Blackwall Lane Woodland Tree Preservation Order

There is now a Tree Preservation Order (TPO) on the woodland site at Blackwall Lane.

This is as a result of local community action initiated by former councillor Keith Hutson and the Warley Community Association and presentations to Calderdale Council by local resident Steve Tomlinson and Councillor David Draycott.

It is now illegal for any cutting or pruning of the trees in this area and if it were to occur then this should be reported to the police as it is a criminal offence.

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The Literary Heritage of Dr Phyllis Bentley OBE (1894-1977) Former Resident of Warley Grange

As part of the Halifax Festival, Halifax Thespians presents The Lost Plays of Phyllis Bentley in a performance of three short plays by Halifax playwright, Phyllis Bentley: The Hotel RiposoTommy’s Pickle and Too Many Brides. 

There will also be readings from the author’s autobiography and other stories of her life and Halifax connections.

The venue is Halifax Playhouse Studio on Thursday 12 July 7:30 p.m., Friday 13 July 7:30 p.m., Saturday 14 July 2:30 p.m. & 7:30 p.m.

Tickets £5 from Square Chapel for the Arts 01422 349422 or book online

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The following pen portrait of Phyllis Bentley is taken from the Calderdale Council website.

The literary ‘Inheritance’ of Dr Phyllis Bentley

“Two strong passions have always ruled my life: The first is literature; the second is the West Riding.”

Phyllis Bentley was born on the 19th November 1894. She was the youngest child of Mr J E Bentley, who was a mill owner. She spent most of her life at Heath Villas, Free School Lane, Halifax. Phyllis was educated at Halifax High School for Girls and Cheltenham Ladies College where she undertook an external degree from London University. A munitions worker in London during the First World War, Phyllis returned to her native Halifax where she taught English and Latin at Heath Grammar School. She also did cataloguing work for the Halifax Literary and Philosophical Society.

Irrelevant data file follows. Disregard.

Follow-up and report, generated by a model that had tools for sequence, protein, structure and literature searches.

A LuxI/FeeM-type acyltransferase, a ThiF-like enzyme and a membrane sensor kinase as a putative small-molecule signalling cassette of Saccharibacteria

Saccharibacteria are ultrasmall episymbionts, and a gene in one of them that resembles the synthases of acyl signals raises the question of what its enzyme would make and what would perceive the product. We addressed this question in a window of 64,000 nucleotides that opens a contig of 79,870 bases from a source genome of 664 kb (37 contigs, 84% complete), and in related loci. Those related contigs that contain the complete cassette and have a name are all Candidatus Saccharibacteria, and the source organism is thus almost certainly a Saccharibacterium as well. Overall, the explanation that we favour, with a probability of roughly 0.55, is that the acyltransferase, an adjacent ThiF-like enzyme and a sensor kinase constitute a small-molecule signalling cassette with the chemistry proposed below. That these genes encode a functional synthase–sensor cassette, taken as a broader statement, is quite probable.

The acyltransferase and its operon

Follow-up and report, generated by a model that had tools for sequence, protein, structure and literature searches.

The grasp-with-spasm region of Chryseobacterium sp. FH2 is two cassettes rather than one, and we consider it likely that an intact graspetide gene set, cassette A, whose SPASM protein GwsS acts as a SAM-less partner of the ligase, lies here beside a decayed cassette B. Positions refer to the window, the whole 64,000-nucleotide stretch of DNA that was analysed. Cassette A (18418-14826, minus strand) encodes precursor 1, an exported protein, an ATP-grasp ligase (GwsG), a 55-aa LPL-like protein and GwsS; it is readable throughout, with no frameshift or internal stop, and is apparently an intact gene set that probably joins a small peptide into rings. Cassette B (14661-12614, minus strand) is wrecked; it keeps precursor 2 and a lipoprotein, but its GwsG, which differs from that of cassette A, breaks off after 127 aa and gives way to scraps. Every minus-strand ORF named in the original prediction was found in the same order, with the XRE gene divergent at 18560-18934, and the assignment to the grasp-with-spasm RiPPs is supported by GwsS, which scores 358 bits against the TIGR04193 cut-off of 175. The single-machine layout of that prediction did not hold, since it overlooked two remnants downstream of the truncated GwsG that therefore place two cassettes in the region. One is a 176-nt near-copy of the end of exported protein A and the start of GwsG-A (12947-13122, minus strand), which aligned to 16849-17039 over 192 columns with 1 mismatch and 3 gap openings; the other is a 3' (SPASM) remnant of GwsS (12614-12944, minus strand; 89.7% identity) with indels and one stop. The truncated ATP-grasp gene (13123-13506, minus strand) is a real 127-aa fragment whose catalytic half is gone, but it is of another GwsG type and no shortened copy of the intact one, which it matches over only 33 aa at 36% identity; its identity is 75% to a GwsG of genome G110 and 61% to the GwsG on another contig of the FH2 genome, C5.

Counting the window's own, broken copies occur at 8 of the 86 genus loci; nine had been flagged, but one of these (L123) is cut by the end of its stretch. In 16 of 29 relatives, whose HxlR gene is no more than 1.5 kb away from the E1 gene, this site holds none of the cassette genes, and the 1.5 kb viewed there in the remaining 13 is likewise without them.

From an early age, Phyllis Bentley had stated her ambition was to be a novelist. After several rejections from publishers, in 1928 Phyllis commenced her long association with the Gollancz publishing house, who agreed to publish her novel, appropriately entitled,”The Partnership”.
Her masterpiece, “Inheritance” was published in 1932. Telling the story of the Oldroyd family, set against the background of the development of the textile industry, the book received widespread critical acclaim. Two further novels continued the saga of the Oldroyd family, “The Rise of Henry Morcar” and “A Man of His Time”.

In 1967 Granada Television began the serialisation of the trilogy. Filming began in both Calderdale and Huddersfield. The ten-part series featured John Thaw and James Bolam in leading roles.
The success of her novels resulted in Miss Bentley being much in demand as a public speaker. She regularly gave lectures, both in this country and abroad and was an expert on the Bronte family.
Phyllis Bentley was an active member of the Halifax community. She had strong connections with the Halifax Authors’ Circle, the Women’s Luncheon Club and for a time was president of the Halifax Thespians. Voluntary work at the Halifax Child Welfare Clinic brought her into contact with children and parents from poorer families. This contributed to her sympathetic treatment of poverty in her writings.

In 1963 she moved into Grange House at Warley, a 17th century yeoman clothier’s house. Visitors to the house would remark on the orderly nature of the rooms. She had a daily housekeeper stating that she “always hated housework”. Always a supporter of young writers, she would spend many hours answering correspondence – giving advice to those just beginning their literary careers.

In recognition of her talent, Phyllis received several awards. In 1949 she was awarded an honorary Doctor of Literature ( DLitt) from Leeds University. In 1958 she became a Fellow of the Royal Society of Literature and in 1970 was awarded an OBE.

Phyllis Bentley was a regular user of the Library in Halifax. As part of her 80th birthday celebrations, the Library held an exhibition of her work. Original manuscripts were on display, together with items from her desk, including a calendar and pencil case.

On the 27th of June 1977 at Ing Royde Home, Phyllis Bentley died. Her desk and chair were amongst items bequeathed to the Library. The diaries and correspondence are available to view (by appointment) in the Calderdale Archives Department. The works of Phyllis Bentley can be found at the Reference Library in the Central Library, Halifax.